• I don't want to write a LiveJournal, I just want it to syndicate my Blogger posts.
  • I don't want to create status updates in FaceBook, I want it to import my Twitter statuses and use those.
  • I don't want to sign up to Zoomr, but I'd let it import my Flickr stream.
  • I'd like to mirror my ma.gnolia bookmarks since most of my friends use

I have primary services for most of the information social networks are sharing. If something new pops up, say I decide to get into Cork'd or, I'll happily add that to the pool. But if something is asking me to do the same thing I'm already doing elsewhere... well, I've already done that. I don't want to do it again. If I have to do it manually, eventually I'll stop doing it in at least one place.

pattern recognition

There are some distinct patterns in the type of personal data people create:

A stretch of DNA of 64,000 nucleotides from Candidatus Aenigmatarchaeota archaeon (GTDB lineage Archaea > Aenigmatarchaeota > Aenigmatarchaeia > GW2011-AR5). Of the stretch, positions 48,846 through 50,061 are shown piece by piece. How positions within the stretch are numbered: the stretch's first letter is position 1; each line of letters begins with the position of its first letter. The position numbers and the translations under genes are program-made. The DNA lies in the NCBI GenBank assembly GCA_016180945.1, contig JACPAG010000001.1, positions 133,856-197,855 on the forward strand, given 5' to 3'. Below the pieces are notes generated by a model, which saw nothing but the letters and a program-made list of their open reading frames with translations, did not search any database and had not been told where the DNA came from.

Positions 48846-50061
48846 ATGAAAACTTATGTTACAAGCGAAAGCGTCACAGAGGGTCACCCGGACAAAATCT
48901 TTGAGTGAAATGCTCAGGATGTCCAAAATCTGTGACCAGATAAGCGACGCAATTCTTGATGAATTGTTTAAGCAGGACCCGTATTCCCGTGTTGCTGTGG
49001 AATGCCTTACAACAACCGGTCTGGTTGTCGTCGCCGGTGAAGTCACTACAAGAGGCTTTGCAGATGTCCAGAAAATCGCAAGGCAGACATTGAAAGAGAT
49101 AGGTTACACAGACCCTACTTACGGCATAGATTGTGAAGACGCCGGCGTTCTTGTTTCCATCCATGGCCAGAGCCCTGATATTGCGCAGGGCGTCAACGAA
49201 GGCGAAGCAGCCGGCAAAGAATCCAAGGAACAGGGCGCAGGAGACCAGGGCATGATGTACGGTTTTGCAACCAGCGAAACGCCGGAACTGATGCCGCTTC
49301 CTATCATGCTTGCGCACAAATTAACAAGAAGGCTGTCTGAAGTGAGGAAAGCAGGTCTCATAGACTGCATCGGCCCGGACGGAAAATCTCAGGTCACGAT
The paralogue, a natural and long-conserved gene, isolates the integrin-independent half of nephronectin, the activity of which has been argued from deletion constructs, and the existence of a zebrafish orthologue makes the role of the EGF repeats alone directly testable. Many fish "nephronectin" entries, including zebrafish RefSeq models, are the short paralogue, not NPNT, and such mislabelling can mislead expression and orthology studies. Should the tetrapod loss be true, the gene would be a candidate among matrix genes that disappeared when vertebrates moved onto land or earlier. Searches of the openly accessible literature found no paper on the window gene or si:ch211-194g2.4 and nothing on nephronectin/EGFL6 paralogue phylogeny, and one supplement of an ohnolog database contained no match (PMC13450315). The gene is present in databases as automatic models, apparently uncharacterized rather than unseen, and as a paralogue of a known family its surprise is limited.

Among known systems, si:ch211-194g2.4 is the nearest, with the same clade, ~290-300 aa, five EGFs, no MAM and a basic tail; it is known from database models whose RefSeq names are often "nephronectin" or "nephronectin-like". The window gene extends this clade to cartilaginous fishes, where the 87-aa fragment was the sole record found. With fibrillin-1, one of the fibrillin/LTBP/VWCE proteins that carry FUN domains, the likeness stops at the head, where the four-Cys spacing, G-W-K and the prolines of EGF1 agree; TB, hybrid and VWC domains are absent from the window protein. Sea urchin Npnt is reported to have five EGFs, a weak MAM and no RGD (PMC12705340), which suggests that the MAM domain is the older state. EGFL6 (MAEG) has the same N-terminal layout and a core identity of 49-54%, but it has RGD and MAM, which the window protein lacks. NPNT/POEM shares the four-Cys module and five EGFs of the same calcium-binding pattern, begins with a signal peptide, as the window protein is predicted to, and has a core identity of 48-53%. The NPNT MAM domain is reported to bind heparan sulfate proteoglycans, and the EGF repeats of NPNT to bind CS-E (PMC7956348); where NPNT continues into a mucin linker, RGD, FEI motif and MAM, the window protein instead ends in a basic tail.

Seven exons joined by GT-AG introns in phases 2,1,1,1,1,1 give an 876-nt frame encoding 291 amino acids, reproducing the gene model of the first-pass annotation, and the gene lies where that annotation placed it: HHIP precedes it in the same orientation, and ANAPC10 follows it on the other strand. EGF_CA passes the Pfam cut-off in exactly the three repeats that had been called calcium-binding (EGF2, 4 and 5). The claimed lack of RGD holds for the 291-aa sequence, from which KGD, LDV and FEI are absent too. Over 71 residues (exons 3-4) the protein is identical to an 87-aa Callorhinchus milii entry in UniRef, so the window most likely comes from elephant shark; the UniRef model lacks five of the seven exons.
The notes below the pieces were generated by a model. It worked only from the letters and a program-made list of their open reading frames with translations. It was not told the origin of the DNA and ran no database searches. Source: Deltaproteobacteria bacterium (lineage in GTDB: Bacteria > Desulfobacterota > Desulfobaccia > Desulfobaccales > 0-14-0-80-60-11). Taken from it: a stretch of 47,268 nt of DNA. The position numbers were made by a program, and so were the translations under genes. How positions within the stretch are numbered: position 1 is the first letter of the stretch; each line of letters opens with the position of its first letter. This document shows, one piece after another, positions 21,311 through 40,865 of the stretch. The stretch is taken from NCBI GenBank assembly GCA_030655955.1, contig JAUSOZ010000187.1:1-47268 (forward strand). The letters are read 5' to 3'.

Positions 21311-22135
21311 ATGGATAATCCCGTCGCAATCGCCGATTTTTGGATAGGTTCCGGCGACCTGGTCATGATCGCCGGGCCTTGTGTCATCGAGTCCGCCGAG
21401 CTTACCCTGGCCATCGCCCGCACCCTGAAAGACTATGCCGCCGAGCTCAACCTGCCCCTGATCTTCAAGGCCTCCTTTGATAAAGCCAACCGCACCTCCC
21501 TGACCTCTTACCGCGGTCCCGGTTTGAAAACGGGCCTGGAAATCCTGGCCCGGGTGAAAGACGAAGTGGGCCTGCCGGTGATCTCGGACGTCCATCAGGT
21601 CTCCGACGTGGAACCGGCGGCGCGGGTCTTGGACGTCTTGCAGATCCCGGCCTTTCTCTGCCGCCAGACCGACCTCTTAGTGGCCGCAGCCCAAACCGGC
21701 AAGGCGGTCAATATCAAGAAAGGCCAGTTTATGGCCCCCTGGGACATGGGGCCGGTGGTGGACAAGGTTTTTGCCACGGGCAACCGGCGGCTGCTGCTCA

• Notifications - system alerts/updates, action required, action recorded
  • Messages - short, long, statuses, chat, comments
  • Files - photos, videos, music, documents, etc
  • Data - URLs/bookmarks, events, contacts

Most network communications are variations and combinations of these basics. Yet the networks don't let users share the same stuff between services. Why not? Well filthy lucre of course. Each service attempts to create a walled garden, so they can make some money in some way.

But by creating walled gardens, the services are insisting that someone has to fail. At the very best, they all bleed. It's a war of attrition and users are the pawns. Realistically all of my status updates should be "updating fifteen social network sites, can't sleep, friend requests will eat me..".

they've shared before

Email and chat have both survived competition. Consider all the options for chat and email - there are far too many to list. Despite the direct competition, all the services survive. How? By sharing or allowing users to combine services.

Email doesn't have to be manually resent to every friend on a different ISP or email provider. The system just handles the transfers regardless; and any provider can survive so long as they can reliably send and receive email.